In your relationship, asking for what you want in a helpful, non-threatening way helps both you and your partner understand each other. If you don't know what you want, you won't realize if you achieve it. If you don't know what your
- Tina Tessina | At Home – Thu, Mar 15, 2012 2:04 PM EDT
Dear Dr. Romance:Read More »from Dear Dr. Romance: Why Does He Want a Relationship?
I met this guy through a phone call, but he contacted or got my profile through a friend of mine and he is satisfied through that, and he is convinced that he could have a relationship with me, he needs my affection, fear of God, caring, true feeling of sharing, happiness, my ideology, and philosophy , what he desires most is true love, sincerity and serious relationship. he doesn't want a long courtship because he ready to get married to me, but am confused with the little information he has about, have not seen me face to face except the mail picture, but he promise to see me before the month runs out.
A phone call, profile and picture is not enough for him or you to decide a relationship is real. Anyone who says he wants to get married, sight unseen, could be dangerous. Be really careful about this man, and make sure if you do meet him that there are other people around you. This could be anything from a needy guy to a possible kidnapping. Please be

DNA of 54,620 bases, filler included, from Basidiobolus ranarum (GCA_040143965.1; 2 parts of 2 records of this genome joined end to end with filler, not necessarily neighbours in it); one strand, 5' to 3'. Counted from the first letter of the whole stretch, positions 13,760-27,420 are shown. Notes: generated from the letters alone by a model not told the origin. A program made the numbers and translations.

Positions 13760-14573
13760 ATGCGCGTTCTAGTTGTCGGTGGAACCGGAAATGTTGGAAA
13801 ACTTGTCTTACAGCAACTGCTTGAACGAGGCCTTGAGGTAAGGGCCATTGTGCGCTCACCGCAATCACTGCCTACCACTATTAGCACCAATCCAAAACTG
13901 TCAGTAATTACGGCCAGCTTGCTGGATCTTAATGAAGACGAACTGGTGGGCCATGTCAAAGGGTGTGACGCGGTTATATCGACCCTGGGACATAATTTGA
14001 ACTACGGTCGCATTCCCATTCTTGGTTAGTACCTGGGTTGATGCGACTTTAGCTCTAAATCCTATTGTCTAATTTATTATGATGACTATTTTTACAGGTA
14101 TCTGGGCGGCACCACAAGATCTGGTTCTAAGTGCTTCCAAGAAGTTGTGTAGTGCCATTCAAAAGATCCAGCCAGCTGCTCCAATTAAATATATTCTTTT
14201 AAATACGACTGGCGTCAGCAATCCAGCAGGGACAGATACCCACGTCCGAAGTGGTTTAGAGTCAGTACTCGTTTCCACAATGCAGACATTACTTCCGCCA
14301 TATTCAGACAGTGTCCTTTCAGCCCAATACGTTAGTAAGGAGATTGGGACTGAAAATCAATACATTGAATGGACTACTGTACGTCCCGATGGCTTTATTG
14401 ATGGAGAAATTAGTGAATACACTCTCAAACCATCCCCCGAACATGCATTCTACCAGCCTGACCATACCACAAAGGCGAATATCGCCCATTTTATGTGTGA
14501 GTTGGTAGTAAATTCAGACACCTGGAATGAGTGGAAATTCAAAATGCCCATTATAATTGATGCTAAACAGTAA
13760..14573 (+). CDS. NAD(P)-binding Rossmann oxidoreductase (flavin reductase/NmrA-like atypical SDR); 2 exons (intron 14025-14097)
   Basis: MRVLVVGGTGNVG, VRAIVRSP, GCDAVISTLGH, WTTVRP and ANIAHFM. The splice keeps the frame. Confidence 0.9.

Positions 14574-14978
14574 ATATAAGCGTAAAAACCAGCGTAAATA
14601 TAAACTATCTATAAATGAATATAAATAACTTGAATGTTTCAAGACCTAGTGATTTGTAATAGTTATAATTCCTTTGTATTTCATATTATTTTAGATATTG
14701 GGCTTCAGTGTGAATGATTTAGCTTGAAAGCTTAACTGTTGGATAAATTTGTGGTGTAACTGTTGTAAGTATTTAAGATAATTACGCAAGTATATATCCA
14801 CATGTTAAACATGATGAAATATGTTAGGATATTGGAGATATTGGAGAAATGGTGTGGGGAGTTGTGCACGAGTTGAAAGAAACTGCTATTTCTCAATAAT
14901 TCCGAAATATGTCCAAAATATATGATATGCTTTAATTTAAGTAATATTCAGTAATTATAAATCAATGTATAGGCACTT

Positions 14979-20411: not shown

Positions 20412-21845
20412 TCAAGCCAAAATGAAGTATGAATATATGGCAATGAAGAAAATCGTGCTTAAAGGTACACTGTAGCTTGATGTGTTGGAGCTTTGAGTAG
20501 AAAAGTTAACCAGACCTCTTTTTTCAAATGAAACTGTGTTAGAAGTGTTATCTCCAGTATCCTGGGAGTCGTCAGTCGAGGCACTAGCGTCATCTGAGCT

- Tina Tessina | Love + Sex – Mon, Mar 12, 2012 1:12 PM EDT
Dear Dr. Romance:Read More »from Dear Dr. Romance: Is it More Important to Be Balanced or Compatible?
What is more important in a relationship: being balanced or compatible?
Compatibility trumps balance, but balance may be an important component of compatibility. Compatibility means having similar core values, living together well and comfortably, and being able to talk through problems and reach a mutually satisfactory solution. Balance is similar to mutuality.
Differences can be frightening, and make resolving problems and conflicts with our intimate partners tense and difficult. In a relationship intimate enough that we feel a deep bonding or sense of commingled identity, it's easy to experience disagreements as threatening. Disagreeing seems to indicate we are separate individuals who perceive everything differently, and have different needs and wants, and we fear that we'll be rejected or disapproved of if we are different.
With good communication and negotiation skills, any couple can create satisfying, loving intimacy. When you and your
In my clinical experience, I've encountered many clients who are afraid to admit they're wrong. This comes from a culture of blaming and accusing-where one's early family may have picked a "culprit" when something went wrong, and focused on blame, rather than on fixing the problem and healing the hurt. People with such experiences approach every situation as if they're on trial, and they compulsively try to convince everyone they're not guilty. They have no patterns to follow for apology and forgiveness.Read More »from Apology and Forgiveness